Example Case Study 1: Agrisoma Grows Cleaner Fuel – and Ensures Food Security

Agrisoma, a Quebec, Canada headquartered global business, has commercialised Carinata, an RSB-certified mustard-like oilseed that is a combination of canola and mustard; this is used to make biojet and diesel fuels and sustainably produced, non-GMO animal feed.

Carinata is a new crop, grown in rotation with other crops, which provides benefits on the farm through its reduction of erosion, and the return of carbon and other organic matter back to the soil.  Carinata is a non-GMO seed-producing crop containing high levels of oil and protein.  When grown, Carinata produces a significant amount of biomass which is returned to the soil, only the seed is collected, which is half oil and half protein.

In The Photo: Carinata winter crop ready to harvest. Photo Credit: Agrisoma.

The chemical composition of the oil makes it particularly well-suited to being refined into diesel and jet fuel.  Not only does Carinata based fuel provide a GHG reduction, but the protein contained in Carinata seeds is a high-quality protein which is approved for use in the animal feed industry.  Carinata is only one of a handful of high protein, sustainably produced, non-GMO animal feed products.

Carinata is now commercially grown in the USA and South America, and is now being introduced into Australia and Europe as a new crop rotation option, targeting the winter season when food crops are not typically grown.  Carinata offers a win-win-win situation: for the environment, for the world’s food supply and for farmers.

In The Photo: Carinata in flower with visiting honey bee. Photo Credit: Agrisoma.

In 2018, Biojet, made from Carinata, powered not only the trans-Pacific Qantas Flight 96 from Los Angeles to Melbourne, but also United Airlines trans-Atlantic Flight 44 from San Francisco to Zurich, both on fuel efficient Boeing 787s; this made these flights the lowest GHG footprint for global transportation.  More than 20 million litres of Carinata based diesel fuels have been produced, providing significant GHG reductions. 

Agrisoma is focused on the farm, seeking to add to the overall food supply (SDG 2) with the Carinata animal feed product, and reduce GHGs (SDG 13) globally by using Carinata oil in the advanced biofuel supply.  The mission of Agrisoma is to empower the farmer to feed and fuel the planet (SDG 7) without taking away current food production, or impacting land use (SDG 15). Agrisoma believes in the power of agriculture to create sustainable food and energy.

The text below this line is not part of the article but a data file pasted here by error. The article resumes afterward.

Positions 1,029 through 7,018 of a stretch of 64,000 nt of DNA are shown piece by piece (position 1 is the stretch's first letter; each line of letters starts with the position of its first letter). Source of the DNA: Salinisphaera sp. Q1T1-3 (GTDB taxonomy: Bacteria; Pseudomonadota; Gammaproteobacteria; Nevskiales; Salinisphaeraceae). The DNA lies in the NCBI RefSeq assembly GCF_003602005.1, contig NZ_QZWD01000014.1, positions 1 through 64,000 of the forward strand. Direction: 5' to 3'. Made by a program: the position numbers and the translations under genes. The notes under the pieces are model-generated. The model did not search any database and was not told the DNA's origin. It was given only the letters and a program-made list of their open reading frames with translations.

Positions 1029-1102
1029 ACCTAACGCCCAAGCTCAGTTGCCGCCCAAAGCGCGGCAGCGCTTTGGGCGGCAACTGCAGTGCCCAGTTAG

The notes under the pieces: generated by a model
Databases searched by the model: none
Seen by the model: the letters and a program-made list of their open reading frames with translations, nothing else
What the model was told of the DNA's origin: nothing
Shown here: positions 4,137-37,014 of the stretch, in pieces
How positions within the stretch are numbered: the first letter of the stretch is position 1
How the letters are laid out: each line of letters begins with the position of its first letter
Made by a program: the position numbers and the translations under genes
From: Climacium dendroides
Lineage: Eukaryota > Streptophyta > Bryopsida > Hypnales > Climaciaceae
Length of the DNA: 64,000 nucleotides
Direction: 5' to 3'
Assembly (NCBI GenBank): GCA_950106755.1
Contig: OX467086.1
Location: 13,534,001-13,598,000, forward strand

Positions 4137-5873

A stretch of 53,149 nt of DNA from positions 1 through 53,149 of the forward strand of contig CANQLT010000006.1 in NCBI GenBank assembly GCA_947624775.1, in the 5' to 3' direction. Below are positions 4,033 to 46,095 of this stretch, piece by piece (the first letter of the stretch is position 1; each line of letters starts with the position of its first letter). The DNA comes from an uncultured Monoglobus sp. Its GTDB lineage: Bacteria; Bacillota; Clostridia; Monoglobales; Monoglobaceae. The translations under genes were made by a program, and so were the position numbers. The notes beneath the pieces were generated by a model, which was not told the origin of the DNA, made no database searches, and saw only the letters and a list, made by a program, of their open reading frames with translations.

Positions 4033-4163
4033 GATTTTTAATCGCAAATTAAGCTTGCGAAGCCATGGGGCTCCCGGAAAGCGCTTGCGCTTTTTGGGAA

In The Photo: Carinata Seed. Photo Credit: Agrisoma.

Not only do producers, processors and end-users who commit to using only truly sustainable alternative fuels, as certified by RSB, have a tangible impact on climate change and SDG13 – by demonstrating a 50% greenhouse gas emissions reduction as a minimum – they are also playing their part in achieving other Sustainable Development Goals. Most obviously, Goal 7’s Affordable and Clean Energy is supported by the development of new and sustainable fuels.

Additionally, bioeconomy stakeholders across the supply chain, who adhere to RSB’s 12 Principles and Criteria for sustainability, are supporting:

In fact, every SDG is supported to a varying degree by the Principles of RSB’s most robust, rigorous and trusted sustainability Standard.

Positive impacts can go well beyond fuel too; by changing the way we produce, process and use resources, sectors like plastics, textiles, chemicals, cosmetics and more, can all share a role in reducing climate impacts and support social and environmental sustainability if they are compliant with the RSB Standard for Advanced Products.


Example Case Study 2: Giving Carbon a Second Lease on Life with Lanzatech

LanzaTech captures carbon rich waste streams before they are emitted into the atmosphere, and converts them into a range of products. These waste streams come from heavy industry, such as steel and refining. They are found in agricultural residues which would otherwise remain on fields and create methane, and from unsorted, unrecyclable municipal solid waste which would otherwise be incinerated or landfilled.

LanzaTech’s carbon recycling technology is like retrofitting a brewery onto an emission source, like a steel mill, but instead of using sugars and yeast to make beer, pollution is converted by bacteria to fuels and chemicals! LanzaTech’s demonstration plant with Shougang in China, converting steel mill gases to ethanol, was the first RSB-certified biofuel plant in China, and the first of its kind anywhere to receive this key certification for industrial carbon capture and utilisation. Ethanol, from the RSB certified demonstration plant, was converted to drop in jet fuel, used in a world first commercial flight with Virgin Atlantic in 2018.  LanzaTech’s first commercial plant is operating today in China, making ethanol from steel mill emissions.

Through utilisation of waste emissions, this technology enables local production of low carbon fuels which displace the need for fresh fossil inputs; it creates new green employment at waste sites, and by avoiding combustion of gases, the process reduces criteria pollutants which would impact local communities.